Helping our clients unlock the opportunity of GDPR

GDPR is a hot topic for many of our clients. May 2018 is fast approaching, and if they have any sort of customer database, they are facing up to the possibility that by June they’ll have a lot less people available for them to market to directly.

To many service providers it’s a significant threat to their whole business. The goal we often hear is to minimise the decline; to get the ‘least bad’ GDPR outcome. But some others are seeing an opportunity. It’s a market-wide challenge and so is a chance for them to build greater customer-centricity and gain a competitive advantage.

While different organisations are approaching this challenge very differently, we are seeing a couple of trends in approach coming through; a focus on design and copywriting and a harnessing of behaviour change principles in creating opt-in interventions. Both are areas where we can help.

These trends have, to some degree, been borne out of uncertainty and frustration

The task of complying with GDPR requirements and still maximising the results for the business is not that easy. To start with, the rules you need to play by aren’t clear.

Over the last eighteen months we’ve had many clients vent to us about the opaque and shifting range of legal interpretations, opinions and advice. What can be done to gain permissions from current, lapsed or new customers? How is it different by channel? What, precisely, is covered by service messaging, marketing and ‘legitimate interest’?

We’ve seen stressed internal counsels and frustrated marketing leadership months into GDPR projects needing to scrap their plans and start again, as advice changes. Even the most prepared business implementations are going down to the wire.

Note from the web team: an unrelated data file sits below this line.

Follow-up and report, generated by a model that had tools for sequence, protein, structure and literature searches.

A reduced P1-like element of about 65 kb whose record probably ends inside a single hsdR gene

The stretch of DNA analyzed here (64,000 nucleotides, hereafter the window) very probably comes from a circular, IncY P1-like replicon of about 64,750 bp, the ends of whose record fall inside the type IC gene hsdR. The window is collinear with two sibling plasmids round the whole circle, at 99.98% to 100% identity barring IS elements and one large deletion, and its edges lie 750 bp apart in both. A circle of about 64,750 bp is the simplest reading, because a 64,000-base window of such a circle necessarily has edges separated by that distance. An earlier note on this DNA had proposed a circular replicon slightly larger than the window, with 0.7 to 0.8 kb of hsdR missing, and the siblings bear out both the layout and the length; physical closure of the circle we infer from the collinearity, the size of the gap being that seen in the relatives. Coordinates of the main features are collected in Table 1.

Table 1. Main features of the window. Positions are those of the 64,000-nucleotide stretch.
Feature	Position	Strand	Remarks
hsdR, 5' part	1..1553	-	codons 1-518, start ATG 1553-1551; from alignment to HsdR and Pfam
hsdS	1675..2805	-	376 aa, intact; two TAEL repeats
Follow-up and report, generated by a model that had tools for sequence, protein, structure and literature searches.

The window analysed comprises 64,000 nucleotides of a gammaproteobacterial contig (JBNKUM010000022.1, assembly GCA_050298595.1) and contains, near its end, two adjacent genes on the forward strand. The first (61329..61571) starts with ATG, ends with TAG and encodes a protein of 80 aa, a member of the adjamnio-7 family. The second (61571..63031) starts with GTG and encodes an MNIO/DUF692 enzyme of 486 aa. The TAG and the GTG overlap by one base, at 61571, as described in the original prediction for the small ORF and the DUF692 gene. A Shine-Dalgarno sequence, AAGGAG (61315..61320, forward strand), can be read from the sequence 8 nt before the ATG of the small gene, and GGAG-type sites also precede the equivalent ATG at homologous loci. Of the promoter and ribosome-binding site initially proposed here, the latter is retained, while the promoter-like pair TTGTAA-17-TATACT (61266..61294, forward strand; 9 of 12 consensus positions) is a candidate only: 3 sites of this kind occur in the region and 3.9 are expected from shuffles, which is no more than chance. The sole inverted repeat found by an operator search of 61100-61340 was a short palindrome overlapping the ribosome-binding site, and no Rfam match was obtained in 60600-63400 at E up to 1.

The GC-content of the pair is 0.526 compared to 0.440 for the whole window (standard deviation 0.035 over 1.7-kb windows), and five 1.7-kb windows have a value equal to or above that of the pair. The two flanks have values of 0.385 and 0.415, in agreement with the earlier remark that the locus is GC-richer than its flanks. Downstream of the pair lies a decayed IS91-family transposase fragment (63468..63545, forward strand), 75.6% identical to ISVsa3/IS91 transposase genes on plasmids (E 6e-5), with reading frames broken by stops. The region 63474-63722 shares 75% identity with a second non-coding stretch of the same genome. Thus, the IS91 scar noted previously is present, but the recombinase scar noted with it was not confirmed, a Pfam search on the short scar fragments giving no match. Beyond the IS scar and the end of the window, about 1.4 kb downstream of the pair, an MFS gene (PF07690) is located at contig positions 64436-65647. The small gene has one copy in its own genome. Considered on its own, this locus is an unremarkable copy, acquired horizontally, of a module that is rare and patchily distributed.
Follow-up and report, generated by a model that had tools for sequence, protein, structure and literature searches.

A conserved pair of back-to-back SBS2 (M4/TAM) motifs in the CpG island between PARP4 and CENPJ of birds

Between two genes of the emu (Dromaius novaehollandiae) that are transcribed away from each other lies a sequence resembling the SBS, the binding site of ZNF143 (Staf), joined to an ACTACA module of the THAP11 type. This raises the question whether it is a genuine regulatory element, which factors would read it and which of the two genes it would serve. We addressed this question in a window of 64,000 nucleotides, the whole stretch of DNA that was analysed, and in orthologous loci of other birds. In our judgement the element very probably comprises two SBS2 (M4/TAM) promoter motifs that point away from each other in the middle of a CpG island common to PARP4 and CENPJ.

Unsurprisingly, faced with this uncertainty, marketers are leaning on what they can control, on what they know. Messaging is coming through as a key lever among our clients.

There are no second chances here, once consent has been withheld

There is an inherent problem for approaches such as A/B testing; an opt out is an opt out. So, while clients are certainly still strongly focussed on how, where and in what way they make interventions, we’re seeing less direct, more traditional research approaches used to scrutinise copy and design options and to optimise message components for different channels and possible audiences.

It must also be recognised that this is not really a customer’s issue. This is all about business goals, and too often it’s not approached as a customer-centric intervention. Our clients who understand this tension are seeking to create at least the perception of a ‘value exchange’. And this in turn is drawing them to incorporate behaviour change principles in their solutions.

The desired behavioural outcome is very simple and specific

This lends itself to practical application of behaviour change principles. Faced with the desired outcome of “getting our customers to sign up to continued marketing” the behavioural biases that act as barriers and enablers can be identified and their impact explored.

Clients are using this to optimise their messaging. They are building in the copy and design implications to get the most out of the intervention that they can. Every incremental gain has value.

How will these optimised interventions cut through in the impending scrum to gain consent across almost every brand relationship people have? We will have to wait and see. Changes in perceptions as people get more and more used to being asked for consent is one thing that it’s very difficult to predict.

One thing is clear, if a business hasn’t planned and optimised their approach to maximising their customer opt-ins, they are likely to be in a much worse position when the dust settles in June.

But however well GDPR strategy works, there remains an uncomfortable truth in all of the energy spent on optimising consent. If organisations are worried that people don’t want to hear from them, what does that say about how their customers feel about their brands and the quality of their communications? This is another area we can help.

To find out more, please get in touch.